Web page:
You watched the video. You saw the GIF. Did you notice Matt Downs trying to smother the ball, as if it were a grenade that was going to take out his platoon? I didn't until I saw each individual frame of the GIF. In a way, this is bittersweet. Sure, we had two baseball players making a coconut-like sound when they collided, and that was followed by a ball that went down the line. But what if the baseball hit a flying third baseman as he jumped into the play for no reason? What if it hit him in the midsection, or the …

No, I can't even imagine. The Internet would explode. It's perfect as is. Anything more is picking apart the coloring at the corners of the Sistine Chapel. Look at that picture again. That happened in a baseball game.

4. It was the Astros.

Nobody likes the Yankees, right? Yankees fans like the Yankees, but the rest of us are alternately repulsed by and jealous of them. So if the worst play in the world is going to happen, who should it happen to? The team that the most people dislike, right?

No, it had to be the Astros. The Pirates are good now. The Orioles are contending. There are so few rock-bottom teams for our amusement these days. We would have accepted the Royals, too, but even that wouldn't have been this exciting. The Astros are a new kind of bad. They haven't been bad for a couple of decades like the Royals, but they're concentrated bad right now.

The Astros have won four of their last 35 games. Only two teams in major-league history have been worse over a 35-game span: the 1909 Boston Doves and the 1916 Philadelphia Athletics. There hasn't been a worse stretch of baseball since Charles Lindbergh flew from Long Island to Paris, since movies had sound, or since the Yankees first appeared in a World Series.

And during this historic stretch, there was that play. It had to be the Astros.

5. Thinking about a Braves fan watching that play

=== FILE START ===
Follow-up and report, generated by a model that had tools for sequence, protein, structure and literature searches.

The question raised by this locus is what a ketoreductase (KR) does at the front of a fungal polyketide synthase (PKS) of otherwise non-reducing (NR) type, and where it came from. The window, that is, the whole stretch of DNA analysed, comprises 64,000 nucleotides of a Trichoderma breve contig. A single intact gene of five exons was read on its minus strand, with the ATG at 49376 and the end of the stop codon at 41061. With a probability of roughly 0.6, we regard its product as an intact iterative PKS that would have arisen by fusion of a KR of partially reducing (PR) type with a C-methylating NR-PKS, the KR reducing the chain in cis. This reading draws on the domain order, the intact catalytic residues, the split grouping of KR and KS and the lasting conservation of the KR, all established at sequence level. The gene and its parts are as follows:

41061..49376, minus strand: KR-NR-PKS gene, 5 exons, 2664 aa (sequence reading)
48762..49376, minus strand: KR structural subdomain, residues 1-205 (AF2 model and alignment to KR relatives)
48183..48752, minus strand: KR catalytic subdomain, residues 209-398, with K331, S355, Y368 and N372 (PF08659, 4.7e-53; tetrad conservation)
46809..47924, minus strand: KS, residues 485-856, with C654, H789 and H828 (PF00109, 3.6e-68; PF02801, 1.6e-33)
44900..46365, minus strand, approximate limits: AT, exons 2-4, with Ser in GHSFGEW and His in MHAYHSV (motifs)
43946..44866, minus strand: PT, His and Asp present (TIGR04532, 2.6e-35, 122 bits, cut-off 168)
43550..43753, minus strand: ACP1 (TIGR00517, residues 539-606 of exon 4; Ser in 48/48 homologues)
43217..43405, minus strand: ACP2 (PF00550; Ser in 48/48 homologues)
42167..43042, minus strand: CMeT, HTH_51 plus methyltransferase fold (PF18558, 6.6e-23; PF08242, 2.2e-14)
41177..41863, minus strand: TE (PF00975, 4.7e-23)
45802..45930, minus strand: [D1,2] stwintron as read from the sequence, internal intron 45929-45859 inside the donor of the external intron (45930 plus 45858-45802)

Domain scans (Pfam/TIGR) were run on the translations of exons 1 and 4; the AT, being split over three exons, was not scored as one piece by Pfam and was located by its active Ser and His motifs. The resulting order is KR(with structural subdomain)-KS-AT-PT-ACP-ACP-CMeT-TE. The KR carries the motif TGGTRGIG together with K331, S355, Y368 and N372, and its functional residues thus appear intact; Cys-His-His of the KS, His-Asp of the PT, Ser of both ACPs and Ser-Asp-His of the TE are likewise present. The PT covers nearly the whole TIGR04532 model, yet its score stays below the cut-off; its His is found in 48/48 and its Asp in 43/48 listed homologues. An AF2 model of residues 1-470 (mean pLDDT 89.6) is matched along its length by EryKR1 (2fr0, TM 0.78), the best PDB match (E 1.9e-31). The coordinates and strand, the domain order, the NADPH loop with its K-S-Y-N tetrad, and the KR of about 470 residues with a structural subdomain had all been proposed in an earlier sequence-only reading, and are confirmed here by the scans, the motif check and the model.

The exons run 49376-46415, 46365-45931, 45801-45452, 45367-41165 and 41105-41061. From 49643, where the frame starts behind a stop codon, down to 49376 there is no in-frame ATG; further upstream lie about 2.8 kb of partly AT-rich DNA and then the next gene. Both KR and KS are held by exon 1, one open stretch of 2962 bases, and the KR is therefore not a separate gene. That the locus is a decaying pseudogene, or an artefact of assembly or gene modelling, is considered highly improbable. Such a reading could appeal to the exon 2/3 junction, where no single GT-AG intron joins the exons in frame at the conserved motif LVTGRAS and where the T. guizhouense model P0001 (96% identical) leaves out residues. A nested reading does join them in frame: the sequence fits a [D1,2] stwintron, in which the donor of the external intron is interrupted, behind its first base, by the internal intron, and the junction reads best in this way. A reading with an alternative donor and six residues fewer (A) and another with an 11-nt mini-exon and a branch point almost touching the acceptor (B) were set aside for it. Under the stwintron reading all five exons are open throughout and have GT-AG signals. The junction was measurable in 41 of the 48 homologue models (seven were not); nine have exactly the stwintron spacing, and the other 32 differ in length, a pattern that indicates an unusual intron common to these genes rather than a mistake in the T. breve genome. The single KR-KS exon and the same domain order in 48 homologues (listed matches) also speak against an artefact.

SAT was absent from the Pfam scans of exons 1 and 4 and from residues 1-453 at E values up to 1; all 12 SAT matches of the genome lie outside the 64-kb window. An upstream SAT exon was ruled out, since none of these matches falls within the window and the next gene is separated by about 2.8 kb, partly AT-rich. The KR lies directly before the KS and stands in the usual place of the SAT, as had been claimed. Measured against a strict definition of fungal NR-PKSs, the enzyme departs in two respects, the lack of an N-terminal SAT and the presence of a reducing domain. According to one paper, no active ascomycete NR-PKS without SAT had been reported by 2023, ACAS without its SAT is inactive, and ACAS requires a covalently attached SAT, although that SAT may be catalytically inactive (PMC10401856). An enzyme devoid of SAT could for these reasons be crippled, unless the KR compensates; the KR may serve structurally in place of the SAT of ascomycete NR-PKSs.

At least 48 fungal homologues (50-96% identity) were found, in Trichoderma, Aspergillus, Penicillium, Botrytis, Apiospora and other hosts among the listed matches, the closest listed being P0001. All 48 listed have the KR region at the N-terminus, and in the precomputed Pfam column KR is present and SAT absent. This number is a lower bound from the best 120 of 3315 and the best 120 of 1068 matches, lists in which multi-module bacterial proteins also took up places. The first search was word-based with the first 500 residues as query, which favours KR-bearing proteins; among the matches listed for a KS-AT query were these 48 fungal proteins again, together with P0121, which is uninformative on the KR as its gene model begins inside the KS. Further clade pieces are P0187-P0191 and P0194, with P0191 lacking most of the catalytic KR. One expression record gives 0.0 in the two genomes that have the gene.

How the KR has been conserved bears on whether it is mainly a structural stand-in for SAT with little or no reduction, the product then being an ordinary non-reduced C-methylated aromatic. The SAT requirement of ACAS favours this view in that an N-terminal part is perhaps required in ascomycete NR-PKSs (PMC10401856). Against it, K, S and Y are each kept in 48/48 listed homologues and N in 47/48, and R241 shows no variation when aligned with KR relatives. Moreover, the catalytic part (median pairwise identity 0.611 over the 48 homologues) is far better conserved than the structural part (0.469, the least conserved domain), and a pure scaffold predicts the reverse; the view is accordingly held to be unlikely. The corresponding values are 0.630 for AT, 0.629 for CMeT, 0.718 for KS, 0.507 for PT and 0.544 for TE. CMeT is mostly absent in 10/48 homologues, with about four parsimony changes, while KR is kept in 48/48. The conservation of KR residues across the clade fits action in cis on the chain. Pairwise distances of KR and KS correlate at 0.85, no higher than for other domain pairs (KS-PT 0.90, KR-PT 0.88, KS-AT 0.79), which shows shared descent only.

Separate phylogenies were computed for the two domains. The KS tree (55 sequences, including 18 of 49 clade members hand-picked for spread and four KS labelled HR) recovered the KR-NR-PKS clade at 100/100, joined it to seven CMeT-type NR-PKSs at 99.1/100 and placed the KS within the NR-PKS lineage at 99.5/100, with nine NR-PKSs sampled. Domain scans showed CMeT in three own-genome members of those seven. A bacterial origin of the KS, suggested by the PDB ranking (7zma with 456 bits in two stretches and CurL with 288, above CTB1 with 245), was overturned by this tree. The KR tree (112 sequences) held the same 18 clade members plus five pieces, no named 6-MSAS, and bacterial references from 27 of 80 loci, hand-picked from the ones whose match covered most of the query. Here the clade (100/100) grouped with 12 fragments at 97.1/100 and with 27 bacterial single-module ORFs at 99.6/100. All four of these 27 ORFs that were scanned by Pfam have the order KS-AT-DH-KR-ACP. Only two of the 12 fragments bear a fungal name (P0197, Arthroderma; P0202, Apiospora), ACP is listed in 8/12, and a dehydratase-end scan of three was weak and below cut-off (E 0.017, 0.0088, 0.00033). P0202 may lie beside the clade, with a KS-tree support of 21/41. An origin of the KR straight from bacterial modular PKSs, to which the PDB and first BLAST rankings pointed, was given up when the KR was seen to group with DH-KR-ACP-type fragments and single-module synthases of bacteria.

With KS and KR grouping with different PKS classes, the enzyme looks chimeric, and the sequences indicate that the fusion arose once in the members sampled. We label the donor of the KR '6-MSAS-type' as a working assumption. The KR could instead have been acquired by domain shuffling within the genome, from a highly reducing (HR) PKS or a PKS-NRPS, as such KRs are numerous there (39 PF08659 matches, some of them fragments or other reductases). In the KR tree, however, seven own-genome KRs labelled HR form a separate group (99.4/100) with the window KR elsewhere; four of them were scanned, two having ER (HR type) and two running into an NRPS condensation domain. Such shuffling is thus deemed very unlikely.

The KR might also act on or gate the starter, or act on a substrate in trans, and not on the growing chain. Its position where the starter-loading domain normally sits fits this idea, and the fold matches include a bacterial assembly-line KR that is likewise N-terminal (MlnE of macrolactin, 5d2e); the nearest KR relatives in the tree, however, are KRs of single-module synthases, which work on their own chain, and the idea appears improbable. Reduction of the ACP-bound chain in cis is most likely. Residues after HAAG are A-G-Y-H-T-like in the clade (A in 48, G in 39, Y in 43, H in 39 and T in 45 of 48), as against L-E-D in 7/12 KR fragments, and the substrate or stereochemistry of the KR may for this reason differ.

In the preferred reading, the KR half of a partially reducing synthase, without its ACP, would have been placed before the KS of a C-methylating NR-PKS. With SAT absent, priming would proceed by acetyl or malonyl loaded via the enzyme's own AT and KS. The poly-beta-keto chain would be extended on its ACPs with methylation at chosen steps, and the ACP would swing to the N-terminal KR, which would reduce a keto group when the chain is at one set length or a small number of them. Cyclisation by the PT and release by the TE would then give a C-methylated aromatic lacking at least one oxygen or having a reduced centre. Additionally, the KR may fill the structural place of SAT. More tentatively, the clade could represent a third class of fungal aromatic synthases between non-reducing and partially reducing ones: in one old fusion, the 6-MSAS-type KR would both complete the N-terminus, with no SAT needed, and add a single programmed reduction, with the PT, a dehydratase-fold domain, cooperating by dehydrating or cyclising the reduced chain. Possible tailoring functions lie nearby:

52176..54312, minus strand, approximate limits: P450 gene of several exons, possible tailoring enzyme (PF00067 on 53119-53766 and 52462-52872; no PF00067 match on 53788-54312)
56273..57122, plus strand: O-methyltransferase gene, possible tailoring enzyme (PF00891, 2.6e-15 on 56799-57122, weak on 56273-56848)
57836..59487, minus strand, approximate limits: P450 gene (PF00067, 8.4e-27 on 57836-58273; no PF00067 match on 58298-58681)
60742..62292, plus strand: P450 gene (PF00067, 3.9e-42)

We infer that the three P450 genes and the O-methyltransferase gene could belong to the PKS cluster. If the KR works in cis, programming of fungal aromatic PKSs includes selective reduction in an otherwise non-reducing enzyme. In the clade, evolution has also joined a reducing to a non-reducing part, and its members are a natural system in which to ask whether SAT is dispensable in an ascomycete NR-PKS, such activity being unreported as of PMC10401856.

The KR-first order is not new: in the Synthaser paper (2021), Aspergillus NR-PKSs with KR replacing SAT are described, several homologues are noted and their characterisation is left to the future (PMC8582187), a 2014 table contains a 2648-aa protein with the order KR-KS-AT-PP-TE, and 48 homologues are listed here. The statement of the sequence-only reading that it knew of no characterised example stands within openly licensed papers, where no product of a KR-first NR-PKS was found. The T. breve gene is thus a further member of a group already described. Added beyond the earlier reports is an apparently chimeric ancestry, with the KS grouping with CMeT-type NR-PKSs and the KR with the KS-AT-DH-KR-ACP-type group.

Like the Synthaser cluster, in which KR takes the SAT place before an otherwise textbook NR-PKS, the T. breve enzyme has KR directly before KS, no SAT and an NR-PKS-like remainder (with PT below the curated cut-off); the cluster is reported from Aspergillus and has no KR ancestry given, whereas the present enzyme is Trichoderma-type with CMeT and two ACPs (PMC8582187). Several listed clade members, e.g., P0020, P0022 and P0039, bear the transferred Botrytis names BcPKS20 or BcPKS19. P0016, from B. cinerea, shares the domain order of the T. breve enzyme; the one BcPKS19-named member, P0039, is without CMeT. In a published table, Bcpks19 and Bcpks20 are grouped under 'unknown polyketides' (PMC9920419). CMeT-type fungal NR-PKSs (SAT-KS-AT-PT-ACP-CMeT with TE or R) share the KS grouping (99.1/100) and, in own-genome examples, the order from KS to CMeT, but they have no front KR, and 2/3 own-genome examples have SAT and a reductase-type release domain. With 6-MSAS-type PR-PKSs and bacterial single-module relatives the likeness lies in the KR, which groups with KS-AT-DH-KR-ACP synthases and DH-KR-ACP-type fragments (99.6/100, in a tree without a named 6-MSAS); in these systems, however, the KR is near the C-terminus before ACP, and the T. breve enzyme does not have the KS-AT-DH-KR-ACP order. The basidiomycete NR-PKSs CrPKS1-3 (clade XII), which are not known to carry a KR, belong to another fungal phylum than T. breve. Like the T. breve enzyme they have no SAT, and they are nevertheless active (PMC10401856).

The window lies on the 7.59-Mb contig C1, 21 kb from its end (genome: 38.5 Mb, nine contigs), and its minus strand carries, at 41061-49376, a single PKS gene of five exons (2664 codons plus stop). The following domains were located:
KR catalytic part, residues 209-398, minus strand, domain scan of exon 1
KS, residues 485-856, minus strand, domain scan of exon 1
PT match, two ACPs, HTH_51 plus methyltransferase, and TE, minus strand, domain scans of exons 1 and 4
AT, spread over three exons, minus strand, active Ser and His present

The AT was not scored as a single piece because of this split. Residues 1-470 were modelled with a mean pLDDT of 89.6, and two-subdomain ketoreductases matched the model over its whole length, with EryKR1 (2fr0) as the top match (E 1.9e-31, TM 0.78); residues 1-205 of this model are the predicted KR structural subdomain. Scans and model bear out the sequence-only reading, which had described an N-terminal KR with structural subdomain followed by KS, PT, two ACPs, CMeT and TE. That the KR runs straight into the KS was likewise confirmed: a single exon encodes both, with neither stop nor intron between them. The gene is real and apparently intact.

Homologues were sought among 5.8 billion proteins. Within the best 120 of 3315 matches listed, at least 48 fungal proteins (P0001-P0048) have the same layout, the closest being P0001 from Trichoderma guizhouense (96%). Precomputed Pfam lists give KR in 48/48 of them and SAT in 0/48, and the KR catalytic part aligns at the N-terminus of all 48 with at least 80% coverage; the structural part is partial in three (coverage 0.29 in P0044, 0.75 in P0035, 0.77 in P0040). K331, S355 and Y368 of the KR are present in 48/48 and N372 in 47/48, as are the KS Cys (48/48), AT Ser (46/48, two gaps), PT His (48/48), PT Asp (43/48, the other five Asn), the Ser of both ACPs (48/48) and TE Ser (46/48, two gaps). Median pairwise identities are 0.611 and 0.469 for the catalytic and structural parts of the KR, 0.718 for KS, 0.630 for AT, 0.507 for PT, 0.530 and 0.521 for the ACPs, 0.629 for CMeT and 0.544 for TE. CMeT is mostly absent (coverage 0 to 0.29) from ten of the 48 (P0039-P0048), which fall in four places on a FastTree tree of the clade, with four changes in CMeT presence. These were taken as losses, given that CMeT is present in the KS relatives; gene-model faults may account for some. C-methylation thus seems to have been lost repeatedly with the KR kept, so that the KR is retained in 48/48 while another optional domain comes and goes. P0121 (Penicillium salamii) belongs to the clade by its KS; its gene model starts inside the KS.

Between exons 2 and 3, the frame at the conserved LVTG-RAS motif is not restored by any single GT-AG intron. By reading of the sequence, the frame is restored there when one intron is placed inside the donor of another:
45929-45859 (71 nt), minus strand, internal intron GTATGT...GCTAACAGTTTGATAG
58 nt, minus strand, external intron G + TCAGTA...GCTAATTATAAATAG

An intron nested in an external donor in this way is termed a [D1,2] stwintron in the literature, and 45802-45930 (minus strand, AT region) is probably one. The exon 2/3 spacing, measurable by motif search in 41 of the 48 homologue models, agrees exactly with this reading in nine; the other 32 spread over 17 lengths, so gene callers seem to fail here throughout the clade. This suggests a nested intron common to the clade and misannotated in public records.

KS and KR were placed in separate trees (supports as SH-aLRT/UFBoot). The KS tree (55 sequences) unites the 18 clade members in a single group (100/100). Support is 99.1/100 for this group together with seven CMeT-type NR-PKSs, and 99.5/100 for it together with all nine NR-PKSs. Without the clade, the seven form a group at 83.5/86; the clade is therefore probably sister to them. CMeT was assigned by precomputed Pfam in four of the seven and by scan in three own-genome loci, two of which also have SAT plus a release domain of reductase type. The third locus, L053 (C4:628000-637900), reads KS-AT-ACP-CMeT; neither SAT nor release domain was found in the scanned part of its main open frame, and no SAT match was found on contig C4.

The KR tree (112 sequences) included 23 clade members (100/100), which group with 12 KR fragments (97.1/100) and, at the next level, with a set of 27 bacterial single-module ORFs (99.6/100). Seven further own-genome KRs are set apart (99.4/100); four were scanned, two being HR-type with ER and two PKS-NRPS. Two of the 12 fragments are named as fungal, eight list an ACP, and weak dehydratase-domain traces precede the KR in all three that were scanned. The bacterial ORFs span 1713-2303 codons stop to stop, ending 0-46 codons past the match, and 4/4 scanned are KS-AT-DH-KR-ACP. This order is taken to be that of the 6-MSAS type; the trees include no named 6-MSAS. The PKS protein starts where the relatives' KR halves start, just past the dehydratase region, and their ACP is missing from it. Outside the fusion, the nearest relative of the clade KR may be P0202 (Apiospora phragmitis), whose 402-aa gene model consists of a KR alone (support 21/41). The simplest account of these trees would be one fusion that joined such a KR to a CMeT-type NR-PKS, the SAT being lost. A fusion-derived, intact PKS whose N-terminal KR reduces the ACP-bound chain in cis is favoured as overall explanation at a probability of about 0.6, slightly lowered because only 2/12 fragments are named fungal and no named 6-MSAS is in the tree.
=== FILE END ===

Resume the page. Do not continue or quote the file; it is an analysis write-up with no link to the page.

I don't have anything against Braves fans, mind you. But this game mattered. It was a tie game in extra innings. The Braves had already won, and with a Nationals loss, the Braves would have crept to within two games of the NL East lead. There was some serious scoreboard watching going on.

The Astros actually tied the game in the ninth, giving Braves fans a little hope. All they needed was a single, a stolen base, a grounder, and a fly ball. Some permutation of those simple things, maybe with an error mixed in. Bad teams can do those things. They do them all the time. All they needed was just one run.

You can't laugh at the thought of an Astros fan watching this play. That's sadistic. They've had to watch far too much bad baseball -- enough for a decade. But the Braves fan putting his hands atop his head, pushing the baseball cap just a little askew as his or her mouth dropped in amazement … that person is just the best.

That play was so amazing, we couldn't even fit all the awful into a single GIF. Had to leave out the throw home from 225 feet, which was just as bad as anything else that went on in the play.

It was the perfect play, because it was so decidedly imperfect. It was baseball as found art.